• The conference center advantage is now a well-known fact. Thanks to our industry's successful outreach efforts, business clients understand that a conference center offers an unbeatable fusion of luxury amenities and sophisticated technologies. But a subtle, often overlooked element of that formula is now taking a front seat when marketing a facility to conference planners. Design innovation is fast becoming a pertinent, enticing amenity actively sought out for conferences thanks to the dialogue, functionality and the fun it inspires among conference attendees. Some call it "Feng Shui"; we call it thoughtful design. Our clients call it a welcome enhancement of the conference center approach. Read on...

John Arenas
  • Group Meetings
  • Making Big Business Out of Small Meetings: Tapping into the $10 Billion Day-Meetings Market
  • If, as most of us believe, it is just as difficult, time-consuming, and therefore costly, to service a small request as it is to negotiate a large one, why bother with the sardines when catching tuna is more profitable? When it comes to meetings, this is a ten billion dollar question. In a $124 billion industry, 80 percent of all meetings have 50 participants or fewer - a segment of the business worth $10 billion a year. Is the opportunity worth the trouble? To put it another way, the typical day-meeting generates approximately $4,000 to $6,000 in total revenue for a hotel. If property's small meeting bookings increase by just two meetings per week, the revenue impact could be over half a million dollars a year. And, because most small meetings are regional or local in nature, the chances of repeat business are high if the customer is satisfied the first time. Read on...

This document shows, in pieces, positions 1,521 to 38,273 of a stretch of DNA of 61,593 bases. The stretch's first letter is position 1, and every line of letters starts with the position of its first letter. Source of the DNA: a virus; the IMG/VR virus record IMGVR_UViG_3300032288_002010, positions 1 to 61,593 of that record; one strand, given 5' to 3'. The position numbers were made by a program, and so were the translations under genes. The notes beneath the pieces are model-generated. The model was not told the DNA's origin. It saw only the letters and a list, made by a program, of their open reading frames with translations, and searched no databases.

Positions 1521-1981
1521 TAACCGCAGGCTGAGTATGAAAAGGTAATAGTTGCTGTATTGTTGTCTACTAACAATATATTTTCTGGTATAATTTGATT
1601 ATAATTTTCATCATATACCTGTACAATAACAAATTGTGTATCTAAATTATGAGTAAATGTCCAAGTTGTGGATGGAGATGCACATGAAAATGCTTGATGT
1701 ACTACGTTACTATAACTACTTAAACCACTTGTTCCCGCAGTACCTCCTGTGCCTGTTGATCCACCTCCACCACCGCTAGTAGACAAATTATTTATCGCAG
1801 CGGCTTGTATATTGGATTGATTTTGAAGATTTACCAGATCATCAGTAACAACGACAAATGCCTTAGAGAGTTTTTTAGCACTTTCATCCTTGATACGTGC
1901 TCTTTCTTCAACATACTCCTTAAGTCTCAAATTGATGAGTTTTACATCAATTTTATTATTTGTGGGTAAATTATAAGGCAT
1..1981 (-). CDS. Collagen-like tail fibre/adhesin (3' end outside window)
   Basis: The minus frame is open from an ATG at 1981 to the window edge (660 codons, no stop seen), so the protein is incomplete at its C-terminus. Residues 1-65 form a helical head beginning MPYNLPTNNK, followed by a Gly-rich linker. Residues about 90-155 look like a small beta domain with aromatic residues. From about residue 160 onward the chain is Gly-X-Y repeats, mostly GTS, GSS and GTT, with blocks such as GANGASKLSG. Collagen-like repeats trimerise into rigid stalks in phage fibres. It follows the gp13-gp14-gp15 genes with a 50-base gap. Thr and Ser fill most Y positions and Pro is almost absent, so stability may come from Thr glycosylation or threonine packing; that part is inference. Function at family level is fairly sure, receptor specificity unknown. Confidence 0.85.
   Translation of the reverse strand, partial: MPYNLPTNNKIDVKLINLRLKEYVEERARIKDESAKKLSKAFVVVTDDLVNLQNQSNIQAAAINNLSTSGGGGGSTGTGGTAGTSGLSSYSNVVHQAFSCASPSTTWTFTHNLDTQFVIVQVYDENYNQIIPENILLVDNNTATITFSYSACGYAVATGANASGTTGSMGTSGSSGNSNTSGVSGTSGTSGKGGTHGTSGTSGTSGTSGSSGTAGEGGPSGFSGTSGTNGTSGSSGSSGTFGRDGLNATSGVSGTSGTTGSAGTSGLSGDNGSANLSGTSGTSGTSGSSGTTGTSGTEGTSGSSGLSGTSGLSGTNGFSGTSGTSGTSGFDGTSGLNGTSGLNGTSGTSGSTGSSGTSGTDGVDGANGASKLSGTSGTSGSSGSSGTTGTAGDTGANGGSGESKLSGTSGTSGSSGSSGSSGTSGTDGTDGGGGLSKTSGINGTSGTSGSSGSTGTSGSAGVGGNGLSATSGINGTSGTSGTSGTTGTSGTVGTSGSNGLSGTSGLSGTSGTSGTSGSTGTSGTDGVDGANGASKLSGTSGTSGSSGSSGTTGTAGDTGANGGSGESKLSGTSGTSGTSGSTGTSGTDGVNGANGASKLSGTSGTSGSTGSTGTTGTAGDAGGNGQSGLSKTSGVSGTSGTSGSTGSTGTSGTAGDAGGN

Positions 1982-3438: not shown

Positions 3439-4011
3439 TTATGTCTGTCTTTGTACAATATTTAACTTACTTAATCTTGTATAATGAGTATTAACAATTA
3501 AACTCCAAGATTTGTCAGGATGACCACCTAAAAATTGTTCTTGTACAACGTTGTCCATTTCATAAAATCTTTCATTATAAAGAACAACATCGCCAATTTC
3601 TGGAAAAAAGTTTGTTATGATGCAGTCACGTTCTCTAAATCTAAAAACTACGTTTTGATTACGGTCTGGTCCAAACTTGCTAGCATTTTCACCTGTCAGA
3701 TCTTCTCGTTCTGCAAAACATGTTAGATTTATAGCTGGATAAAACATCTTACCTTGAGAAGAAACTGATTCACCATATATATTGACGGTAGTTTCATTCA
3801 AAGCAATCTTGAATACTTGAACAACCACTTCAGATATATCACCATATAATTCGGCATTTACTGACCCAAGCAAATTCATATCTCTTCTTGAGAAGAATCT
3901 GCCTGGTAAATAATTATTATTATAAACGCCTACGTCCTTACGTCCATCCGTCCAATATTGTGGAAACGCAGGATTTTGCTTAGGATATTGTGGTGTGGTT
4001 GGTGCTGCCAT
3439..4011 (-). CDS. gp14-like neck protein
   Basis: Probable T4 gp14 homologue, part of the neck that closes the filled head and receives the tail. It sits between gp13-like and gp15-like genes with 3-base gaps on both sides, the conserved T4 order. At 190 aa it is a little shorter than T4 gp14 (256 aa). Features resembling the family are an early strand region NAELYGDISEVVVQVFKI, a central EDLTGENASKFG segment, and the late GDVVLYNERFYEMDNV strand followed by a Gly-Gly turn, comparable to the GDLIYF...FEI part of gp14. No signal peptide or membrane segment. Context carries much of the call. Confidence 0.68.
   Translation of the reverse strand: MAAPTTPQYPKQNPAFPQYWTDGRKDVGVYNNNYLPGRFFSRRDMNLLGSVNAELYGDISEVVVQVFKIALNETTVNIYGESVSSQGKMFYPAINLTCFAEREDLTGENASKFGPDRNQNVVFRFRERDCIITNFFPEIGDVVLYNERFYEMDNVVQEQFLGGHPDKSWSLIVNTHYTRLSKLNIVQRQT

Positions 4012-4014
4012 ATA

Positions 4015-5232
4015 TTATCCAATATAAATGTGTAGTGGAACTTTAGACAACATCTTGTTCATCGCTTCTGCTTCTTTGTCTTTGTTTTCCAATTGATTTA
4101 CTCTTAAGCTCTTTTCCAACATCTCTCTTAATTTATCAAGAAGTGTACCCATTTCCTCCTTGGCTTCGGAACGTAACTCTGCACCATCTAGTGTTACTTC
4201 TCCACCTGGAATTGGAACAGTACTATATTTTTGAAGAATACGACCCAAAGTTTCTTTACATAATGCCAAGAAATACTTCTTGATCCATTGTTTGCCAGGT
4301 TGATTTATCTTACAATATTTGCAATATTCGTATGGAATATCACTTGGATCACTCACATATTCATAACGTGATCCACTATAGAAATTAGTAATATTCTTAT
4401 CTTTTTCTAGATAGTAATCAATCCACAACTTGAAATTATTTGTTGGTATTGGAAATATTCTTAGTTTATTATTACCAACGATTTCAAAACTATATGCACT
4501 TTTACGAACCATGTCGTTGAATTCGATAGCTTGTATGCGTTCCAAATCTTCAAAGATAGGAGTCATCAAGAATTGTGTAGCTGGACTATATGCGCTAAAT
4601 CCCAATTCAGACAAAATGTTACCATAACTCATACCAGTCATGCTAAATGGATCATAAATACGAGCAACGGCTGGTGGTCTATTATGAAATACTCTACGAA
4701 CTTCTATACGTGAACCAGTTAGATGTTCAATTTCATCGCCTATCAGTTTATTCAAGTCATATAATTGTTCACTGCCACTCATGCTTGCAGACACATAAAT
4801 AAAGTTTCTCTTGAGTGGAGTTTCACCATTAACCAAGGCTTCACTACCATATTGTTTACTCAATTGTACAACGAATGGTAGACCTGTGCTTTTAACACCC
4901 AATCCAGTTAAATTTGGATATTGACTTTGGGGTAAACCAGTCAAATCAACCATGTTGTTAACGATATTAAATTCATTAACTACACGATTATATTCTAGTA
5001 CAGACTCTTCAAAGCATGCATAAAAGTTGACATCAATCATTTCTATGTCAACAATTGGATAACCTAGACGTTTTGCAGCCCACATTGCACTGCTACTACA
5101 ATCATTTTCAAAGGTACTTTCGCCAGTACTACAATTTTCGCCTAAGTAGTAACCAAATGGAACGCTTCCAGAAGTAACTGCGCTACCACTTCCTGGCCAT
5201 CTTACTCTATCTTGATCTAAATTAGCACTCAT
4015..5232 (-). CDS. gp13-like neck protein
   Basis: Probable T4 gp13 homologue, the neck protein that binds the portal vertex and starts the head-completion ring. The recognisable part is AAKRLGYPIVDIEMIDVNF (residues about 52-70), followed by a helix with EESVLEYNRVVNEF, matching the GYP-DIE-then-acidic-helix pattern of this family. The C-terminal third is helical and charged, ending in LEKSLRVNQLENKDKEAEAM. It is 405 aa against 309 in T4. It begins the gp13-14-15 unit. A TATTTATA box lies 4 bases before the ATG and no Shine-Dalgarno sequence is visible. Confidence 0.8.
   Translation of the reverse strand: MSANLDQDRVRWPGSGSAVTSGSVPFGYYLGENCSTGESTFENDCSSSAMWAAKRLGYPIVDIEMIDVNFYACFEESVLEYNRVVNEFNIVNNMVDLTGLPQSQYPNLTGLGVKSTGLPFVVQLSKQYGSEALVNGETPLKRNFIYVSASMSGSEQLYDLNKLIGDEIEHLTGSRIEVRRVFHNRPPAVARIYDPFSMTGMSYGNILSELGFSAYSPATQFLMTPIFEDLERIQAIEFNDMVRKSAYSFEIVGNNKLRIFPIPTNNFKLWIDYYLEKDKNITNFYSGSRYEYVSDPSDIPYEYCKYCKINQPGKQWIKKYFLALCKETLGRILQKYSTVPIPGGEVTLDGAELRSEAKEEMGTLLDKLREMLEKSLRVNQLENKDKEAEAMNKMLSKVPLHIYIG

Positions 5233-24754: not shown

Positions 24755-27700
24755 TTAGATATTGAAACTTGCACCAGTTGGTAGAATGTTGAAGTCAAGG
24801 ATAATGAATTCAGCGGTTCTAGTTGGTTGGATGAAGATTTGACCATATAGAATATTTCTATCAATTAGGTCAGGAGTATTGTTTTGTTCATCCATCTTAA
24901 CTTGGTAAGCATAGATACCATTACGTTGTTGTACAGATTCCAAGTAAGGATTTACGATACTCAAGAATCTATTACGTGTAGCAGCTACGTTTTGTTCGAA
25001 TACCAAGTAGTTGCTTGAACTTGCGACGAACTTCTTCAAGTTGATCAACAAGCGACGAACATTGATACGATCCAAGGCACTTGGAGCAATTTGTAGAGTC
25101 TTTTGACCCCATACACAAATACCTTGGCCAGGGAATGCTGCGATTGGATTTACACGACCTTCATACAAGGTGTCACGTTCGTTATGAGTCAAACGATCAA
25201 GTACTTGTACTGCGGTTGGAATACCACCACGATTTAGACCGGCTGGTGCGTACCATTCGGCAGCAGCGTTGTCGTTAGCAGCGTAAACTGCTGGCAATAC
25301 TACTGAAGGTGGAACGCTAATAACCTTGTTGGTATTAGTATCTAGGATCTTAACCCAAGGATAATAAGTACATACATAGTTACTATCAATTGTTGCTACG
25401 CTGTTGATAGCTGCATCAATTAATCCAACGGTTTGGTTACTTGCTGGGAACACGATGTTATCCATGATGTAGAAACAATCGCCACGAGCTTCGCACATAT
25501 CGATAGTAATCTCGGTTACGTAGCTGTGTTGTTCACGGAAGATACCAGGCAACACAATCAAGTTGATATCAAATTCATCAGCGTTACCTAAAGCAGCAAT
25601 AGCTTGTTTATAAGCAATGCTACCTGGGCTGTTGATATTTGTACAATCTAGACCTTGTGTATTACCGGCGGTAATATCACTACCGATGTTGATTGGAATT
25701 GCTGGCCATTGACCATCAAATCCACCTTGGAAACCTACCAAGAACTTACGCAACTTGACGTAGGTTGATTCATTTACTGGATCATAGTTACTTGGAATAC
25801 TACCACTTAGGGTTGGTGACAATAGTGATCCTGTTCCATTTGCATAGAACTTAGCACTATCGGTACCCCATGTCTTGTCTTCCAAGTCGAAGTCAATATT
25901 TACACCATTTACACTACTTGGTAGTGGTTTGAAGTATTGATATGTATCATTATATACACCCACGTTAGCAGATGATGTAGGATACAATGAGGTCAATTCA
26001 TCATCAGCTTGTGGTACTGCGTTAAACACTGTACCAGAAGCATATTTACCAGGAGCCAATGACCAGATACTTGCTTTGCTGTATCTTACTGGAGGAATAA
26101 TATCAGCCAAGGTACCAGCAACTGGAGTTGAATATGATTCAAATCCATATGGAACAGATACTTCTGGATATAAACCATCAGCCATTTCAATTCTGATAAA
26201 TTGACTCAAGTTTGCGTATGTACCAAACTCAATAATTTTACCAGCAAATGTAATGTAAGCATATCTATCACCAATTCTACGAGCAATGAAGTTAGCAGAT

Andy Dolce
  • Group Meetings
  • Venue Choice: First and Most Important Factor in Coordinating a Meeting